calculated using the relation
Sk ˆ Smean ‡ …Svar †1=2 …2†

where  is the confidence coefficient for normally distributed work element

times and Smean and Svar are the sum of the means and the sum of the variances,
respectively, of all the tasks allotted to that particular workstation. The value
of  can be varied according to the wish of the decision maker. For the
illustrating example in the next section, the value of  chosen is 1.
In equation (1), time variance is a crucial element in measuring the
effectiveness of line balancing. The smaller the SI, the higher the balancing

An example to illustrate the importance of time variations in

assembly line balancing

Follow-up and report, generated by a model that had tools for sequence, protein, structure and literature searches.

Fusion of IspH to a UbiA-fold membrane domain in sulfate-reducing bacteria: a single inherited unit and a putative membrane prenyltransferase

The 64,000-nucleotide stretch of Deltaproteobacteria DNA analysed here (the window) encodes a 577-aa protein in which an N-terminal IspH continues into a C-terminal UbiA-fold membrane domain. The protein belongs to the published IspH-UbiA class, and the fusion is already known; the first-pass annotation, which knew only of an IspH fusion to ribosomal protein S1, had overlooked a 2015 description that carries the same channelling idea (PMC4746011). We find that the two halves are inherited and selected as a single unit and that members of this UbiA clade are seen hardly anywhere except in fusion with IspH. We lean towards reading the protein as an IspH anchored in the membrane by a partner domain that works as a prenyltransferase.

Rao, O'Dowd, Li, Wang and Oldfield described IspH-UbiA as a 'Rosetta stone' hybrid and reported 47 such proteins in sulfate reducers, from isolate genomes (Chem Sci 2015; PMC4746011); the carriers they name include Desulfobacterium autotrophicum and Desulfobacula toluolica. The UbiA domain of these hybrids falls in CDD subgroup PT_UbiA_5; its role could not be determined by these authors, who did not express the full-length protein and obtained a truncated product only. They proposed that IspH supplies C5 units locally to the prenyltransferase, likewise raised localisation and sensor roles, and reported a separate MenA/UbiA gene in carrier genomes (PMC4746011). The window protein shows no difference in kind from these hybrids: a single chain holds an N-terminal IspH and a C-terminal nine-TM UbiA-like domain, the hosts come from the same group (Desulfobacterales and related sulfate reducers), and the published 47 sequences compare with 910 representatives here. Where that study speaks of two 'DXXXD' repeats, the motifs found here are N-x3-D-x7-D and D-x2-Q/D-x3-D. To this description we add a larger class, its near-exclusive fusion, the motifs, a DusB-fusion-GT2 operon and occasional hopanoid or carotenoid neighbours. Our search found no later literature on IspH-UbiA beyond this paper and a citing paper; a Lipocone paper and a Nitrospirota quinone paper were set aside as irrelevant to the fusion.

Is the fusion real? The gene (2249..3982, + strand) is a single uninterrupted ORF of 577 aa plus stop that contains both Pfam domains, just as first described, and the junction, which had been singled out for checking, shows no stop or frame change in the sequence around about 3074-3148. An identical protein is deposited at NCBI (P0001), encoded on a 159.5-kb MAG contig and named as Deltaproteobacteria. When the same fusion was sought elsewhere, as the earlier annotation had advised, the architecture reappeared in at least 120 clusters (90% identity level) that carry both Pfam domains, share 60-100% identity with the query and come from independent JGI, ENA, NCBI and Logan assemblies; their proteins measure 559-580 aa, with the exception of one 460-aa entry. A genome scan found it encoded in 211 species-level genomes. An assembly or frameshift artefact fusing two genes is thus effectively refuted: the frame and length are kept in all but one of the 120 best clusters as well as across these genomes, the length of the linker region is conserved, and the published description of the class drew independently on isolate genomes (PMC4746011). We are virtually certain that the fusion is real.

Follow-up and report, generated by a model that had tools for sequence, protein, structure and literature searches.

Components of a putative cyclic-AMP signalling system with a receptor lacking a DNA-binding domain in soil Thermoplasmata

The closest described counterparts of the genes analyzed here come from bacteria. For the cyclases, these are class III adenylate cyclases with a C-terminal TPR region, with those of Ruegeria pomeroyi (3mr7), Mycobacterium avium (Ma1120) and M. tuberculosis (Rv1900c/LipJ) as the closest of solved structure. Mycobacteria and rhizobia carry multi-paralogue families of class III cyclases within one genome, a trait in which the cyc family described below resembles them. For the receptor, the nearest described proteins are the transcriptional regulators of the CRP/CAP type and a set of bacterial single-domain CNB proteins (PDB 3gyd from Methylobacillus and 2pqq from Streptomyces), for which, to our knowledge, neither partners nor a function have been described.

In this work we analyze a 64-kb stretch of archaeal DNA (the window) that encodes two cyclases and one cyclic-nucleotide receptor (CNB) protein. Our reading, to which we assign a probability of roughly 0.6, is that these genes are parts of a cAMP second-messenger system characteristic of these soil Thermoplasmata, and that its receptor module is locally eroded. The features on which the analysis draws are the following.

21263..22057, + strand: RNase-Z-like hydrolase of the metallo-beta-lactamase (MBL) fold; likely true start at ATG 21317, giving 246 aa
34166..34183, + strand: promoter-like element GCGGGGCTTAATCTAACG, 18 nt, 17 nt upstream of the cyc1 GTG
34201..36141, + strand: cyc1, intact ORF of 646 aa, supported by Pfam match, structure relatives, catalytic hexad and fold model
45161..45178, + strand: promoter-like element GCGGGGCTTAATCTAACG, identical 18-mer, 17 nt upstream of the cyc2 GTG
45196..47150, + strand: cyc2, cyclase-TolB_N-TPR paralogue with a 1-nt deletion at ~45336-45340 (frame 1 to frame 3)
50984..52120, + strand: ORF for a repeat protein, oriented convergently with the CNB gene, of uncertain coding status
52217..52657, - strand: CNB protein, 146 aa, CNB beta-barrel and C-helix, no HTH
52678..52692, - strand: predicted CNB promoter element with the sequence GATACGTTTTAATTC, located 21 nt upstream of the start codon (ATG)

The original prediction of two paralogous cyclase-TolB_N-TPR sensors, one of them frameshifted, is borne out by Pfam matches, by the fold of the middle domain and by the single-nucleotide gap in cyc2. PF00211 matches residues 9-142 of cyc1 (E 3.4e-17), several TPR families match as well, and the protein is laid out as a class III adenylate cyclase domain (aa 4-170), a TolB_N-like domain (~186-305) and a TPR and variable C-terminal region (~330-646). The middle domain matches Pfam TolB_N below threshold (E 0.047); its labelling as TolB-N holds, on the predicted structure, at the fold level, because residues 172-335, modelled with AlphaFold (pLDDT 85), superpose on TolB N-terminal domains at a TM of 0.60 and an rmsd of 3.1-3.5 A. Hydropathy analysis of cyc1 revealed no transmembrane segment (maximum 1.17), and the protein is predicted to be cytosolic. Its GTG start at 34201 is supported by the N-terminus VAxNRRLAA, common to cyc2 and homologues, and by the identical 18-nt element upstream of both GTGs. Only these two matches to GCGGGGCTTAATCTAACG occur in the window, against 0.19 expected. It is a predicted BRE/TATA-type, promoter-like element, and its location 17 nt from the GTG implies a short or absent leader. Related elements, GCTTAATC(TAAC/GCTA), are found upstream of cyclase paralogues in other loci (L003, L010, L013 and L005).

An illustrating example of the line balancing problem in making men's shirt is
shown in Figure 1. The data were collected from a men's shirt manufacturing
factory in Hong Kong. In this example, the total numbers of workstations and
tasks in the assembly line are 87 and 40 respectively. Each task is represented
by a circle, labelled by an integer number inside the circle as task number.
These circles are connected by arrows indicating the precedence relationship
between the tasks.
From the data illustrated in Table I, as computed by equation (1) and (2), the
SI without variance and the SI with variance are 540 and 485 respectively.
1 12 26 28 30 35 A study of the
effect of time
2 13 27 29 31 36
3 14 32 37

4 15 33 38 185
5 16 34 39

7 6 17 40

8 18

9 19

10 20

11 21


Figure 1.
Precedence relationship
24 of 40 tasks for men's
shirt manufacturing

The above computational results are supported by the following mathematical